Are we sure the count is almost final? I thought there were still millions of ballots to count, and some reason to believe they may shift the margin a bit (e.g., a lot of the uncounted ballots are in the West Coast states, plus scattered provisional votes).

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thoughtful:

I'm with DTM and look forward to the absolutely final count.

The graphic does tell a story though!

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drdr:

Interesting how Pew had Obama +13 and shifted to +6 for their final survey. They get credit for having the final number right, but I doubt there was such a large shift in public opinion in the last weekend. I think they were seeing a difference in enthusiasm between Obama and McCain supporters, with the weak McCain supporters polling as undecided until the very end.

Also Rasmussen ended up pretty accurate in the national number, but wasn't his PA poll way off? His Obama +6 didn't make any sense given that PA was likely to be more Democratic than the national average.

Just looking at the final national number doesn't show how accurate they were overall in the last 2 months.

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Centrist_Dem:

@DTM

Obama's margin has been creeping up as more votes are reported. His plurality is up to nearly 8 mil., and his % share has moved from about 52.3 to about 52.6, though it could of course still move back again.

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RussTC3:

I agree. We need to wait for the final votes. After all, Obama's lead has already increased to +7 without decimals (53/46). The actual tally right now is +6.4% (52.5/46.1).

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Basil:

I can think of three reasons McCain may have outperformed the polls.

One is that there really were some voters who just didn't want to say they supported McCain, because of Obama's popularity and maybe his race as well. It's not exactly a Bradley effect, but sort of.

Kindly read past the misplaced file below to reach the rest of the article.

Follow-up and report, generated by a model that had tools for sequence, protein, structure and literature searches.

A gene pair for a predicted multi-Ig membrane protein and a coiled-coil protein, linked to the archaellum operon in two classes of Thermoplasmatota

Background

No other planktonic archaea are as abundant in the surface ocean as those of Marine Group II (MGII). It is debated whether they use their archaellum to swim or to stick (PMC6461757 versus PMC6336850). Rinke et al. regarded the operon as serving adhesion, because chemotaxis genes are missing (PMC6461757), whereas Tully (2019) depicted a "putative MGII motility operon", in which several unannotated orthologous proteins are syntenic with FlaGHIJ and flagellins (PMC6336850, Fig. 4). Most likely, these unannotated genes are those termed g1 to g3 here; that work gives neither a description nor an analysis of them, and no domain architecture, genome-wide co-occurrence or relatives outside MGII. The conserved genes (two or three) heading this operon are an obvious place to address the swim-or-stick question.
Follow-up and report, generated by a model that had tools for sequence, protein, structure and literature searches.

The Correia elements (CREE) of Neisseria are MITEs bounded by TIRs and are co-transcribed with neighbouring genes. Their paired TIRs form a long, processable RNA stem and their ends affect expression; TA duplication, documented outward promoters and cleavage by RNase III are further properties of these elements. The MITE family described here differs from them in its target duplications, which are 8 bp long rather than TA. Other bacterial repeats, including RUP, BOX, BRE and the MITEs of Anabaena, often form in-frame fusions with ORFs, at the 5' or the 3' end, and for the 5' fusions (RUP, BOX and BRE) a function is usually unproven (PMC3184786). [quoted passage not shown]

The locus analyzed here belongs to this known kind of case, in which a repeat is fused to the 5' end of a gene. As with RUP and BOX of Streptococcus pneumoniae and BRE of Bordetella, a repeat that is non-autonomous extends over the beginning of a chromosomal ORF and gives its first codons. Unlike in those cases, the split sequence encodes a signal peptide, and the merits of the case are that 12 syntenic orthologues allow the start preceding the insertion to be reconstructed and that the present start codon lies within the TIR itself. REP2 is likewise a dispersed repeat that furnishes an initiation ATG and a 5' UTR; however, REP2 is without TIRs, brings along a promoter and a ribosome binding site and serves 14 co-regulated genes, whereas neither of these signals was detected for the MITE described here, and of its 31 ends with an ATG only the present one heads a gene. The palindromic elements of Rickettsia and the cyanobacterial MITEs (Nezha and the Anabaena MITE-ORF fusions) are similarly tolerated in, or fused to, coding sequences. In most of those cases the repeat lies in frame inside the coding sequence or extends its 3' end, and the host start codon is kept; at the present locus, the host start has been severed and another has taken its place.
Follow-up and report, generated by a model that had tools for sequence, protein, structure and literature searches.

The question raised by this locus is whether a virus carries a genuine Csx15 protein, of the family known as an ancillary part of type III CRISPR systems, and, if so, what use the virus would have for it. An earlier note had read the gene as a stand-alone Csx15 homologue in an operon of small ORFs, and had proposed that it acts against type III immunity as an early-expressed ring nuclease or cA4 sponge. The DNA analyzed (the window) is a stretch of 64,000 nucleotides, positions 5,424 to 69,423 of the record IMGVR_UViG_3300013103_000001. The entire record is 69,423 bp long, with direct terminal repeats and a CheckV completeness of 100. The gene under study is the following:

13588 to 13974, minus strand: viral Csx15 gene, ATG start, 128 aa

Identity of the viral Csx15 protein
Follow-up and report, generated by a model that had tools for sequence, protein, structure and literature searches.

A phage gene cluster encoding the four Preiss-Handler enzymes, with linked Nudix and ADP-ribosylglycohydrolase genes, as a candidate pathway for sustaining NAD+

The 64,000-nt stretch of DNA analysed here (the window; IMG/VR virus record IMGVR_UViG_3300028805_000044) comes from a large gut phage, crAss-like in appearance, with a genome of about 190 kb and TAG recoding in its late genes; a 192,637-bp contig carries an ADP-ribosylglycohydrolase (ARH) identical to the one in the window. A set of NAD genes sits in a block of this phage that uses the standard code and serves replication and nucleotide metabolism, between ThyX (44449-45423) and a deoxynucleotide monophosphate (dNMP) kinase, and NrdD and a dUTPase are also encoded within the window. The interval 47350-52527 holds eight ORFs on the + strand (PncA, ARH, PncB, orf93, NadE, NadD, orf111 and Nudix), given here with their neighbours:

The second involves third party candidates like Barr and Ron Paul, whom some voters couldn't bring themselves to vote for when it came down to it. Did they underperform in the election?

The third has to do with unlikely-to-vote R's seeing the early D turnout and coming out at the last minute in a vain attempt to make up for it. My 87 year old mother in Atlanta was targeted by GOP GOTV activists (of some sort), something I haven't heard before. Maybe they believed the desperate McCain line about how close the national polls and PA were.

On the other hand, it seemed that western states R's saw the east coast handwriting on the wall before the polls closed (something I hate, as an Oregonian) and stayed away, knowing it was lost.

Any evidence of any of this?

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Some polls hit McCain's 46 (like our R2K poll, Rasmussen and Ipsos.)

I like the idea that not using cell phones cost an Obama point or two. But Gary Langer (ABC) is right that all the polls got it close and that the horse race was not the only thing the polls told us.